Don’t give up! If you have a dream, you’re meant to invest yourself in it. Be present to the journey, because that’s where the joy resides. Your perceived destination is a blip of joy that won’t sustain you if the journey isn’t meaningful along the way.

We were all children once, and picture books don’t have many words. Those thoughts lead people to believe it’s easy to write for kids. It’s not. Those thoughts are also why editors are swamped with manuscripts and yours has to be more than just well written. But if you’re persistent and writing picture books is your dream, these ten tips may help shorten your learning curve:

  1. Write! Many people prefer the idea of writing to the work of writing. I avoided writing for years by reading about it and by saying I didn’t have time. You need to put in your time. Practice, practice, practice!
  2. Learn your craft. Attend classes and conferences. Read books, magazines, and other publications. Sign up for online newsletters, groups, and challenges like Tara Lazar’s Picture Book Idea Month and Julie Hedlund’s 12x12.
  3. Know kids and kids’ books. Go to the library and check out a stack every week— the books, not the kids. Observe kids. Hang out with them. Volunteer at schools, libraries, scouting or 4-H groups, etc.
  4. Join SCBWI (Society of Children’s Book Writers and Illustrators). They’ll teach you the nuts and bolts and beyond through their website, handouts, newsletters, and conferences. Get involved!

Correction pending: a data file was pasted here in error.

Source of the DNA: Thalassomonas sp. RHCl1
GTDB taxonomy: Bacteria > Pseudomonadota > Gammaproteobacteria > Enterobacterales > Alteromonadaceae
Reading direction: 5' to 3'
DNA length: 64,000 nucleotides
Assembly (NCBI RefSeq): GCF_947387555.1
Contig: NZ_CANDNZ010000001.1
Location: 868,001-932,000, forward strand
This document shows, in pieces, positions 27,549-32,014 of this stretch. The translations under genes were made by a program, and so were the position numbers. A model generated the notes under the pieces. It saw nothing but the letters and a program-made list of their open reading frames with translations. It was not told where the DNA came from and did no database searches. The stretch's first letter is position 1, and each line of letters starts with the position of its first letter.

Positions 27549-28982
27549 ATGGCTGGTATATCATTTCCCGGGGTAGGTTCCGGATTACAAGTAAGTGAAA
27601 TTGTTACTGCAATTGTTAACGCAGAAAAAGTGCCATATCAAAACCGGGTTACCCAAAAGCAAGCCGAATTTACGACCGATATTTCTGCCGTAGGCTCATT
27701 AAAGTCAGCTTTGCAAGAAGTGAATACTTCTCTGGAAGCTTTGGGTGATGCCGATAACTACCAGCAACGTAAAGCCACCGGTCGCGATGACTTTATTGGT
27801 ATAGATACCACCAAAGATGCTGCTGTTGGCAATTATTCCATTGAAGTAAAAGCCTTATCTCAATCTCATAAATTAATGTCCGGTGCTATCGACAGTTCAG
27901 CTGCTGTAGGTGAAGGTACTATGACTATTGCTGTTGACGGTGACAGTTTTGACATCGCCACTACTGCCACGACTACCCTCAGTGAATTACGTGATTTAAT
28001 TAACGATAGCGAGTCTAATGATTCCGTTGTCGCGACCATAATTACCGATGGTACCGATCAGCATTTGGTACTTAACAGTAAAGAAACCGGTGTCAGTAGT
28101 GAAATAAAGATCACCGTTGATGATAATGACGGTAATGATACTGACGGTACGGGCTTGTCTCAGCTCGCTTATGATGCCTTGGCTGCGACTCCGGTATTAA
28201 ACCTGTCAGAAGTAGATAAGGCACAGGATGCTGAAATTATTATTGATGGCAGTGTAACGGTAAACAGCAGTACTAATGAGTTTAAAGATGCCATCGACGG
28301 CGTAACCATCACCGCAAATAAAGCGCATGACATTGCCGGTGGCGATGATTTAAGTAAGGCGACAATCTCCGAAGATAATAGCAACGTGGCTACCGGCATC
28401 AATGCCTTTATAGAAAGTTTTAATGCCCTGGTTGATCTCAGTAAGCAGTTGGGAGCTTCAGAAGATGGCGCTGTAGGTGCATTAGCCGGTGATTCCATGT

5. Join or start an online or in-person critique or writing support group. Find writing buddies. Libraries, colleges, and writing organizations like the SCBWI may connect you with other writers.
  6. Sign up for manuscript critiques at conferences, and have a thick skin about it.
  7. Research publishers and editors. Follow all submission guidelines. Get a copy of 
the most current Children’s Writer’s & Illustrator’s Market.
  8. A good agent can really help, but at times it can be more difficult to get an agent than it is to get a book contract, but don’t rush a submission to either.
  9. Don’t send in a story a friend illustrated for you. Editors select the illustrator. If you write and illustrate, it might help to tell the editor the text and artwork 
may be considered separately.
  10. Expect rejection. Most stories are just practice, and everyone gets rejections. 
Celebrate those rejection letters!

What did you learn from your years of teaching that’s helped you in your career?

When I discovered that my favorite teaching tools and techniques to use with kids worked even better for adults, we all learned a lot more and had a lot more fun.

I’ve been humbled by how my compassion for people and my insights into creativity can make a difference in people’s lives. Teaching or coaching from who I am instead of a set process helps me reach people where they’re “at.” It’s taken me awhile to trust that I can do this, or believe there’s anything even slightly special to it, because it’s something I do naturally and have for years. Even though I’m a trained creativity coach and have a lot of methods and materials to fall back on, I’m really just being me with my clients, staying open, listening, and doing my best for them.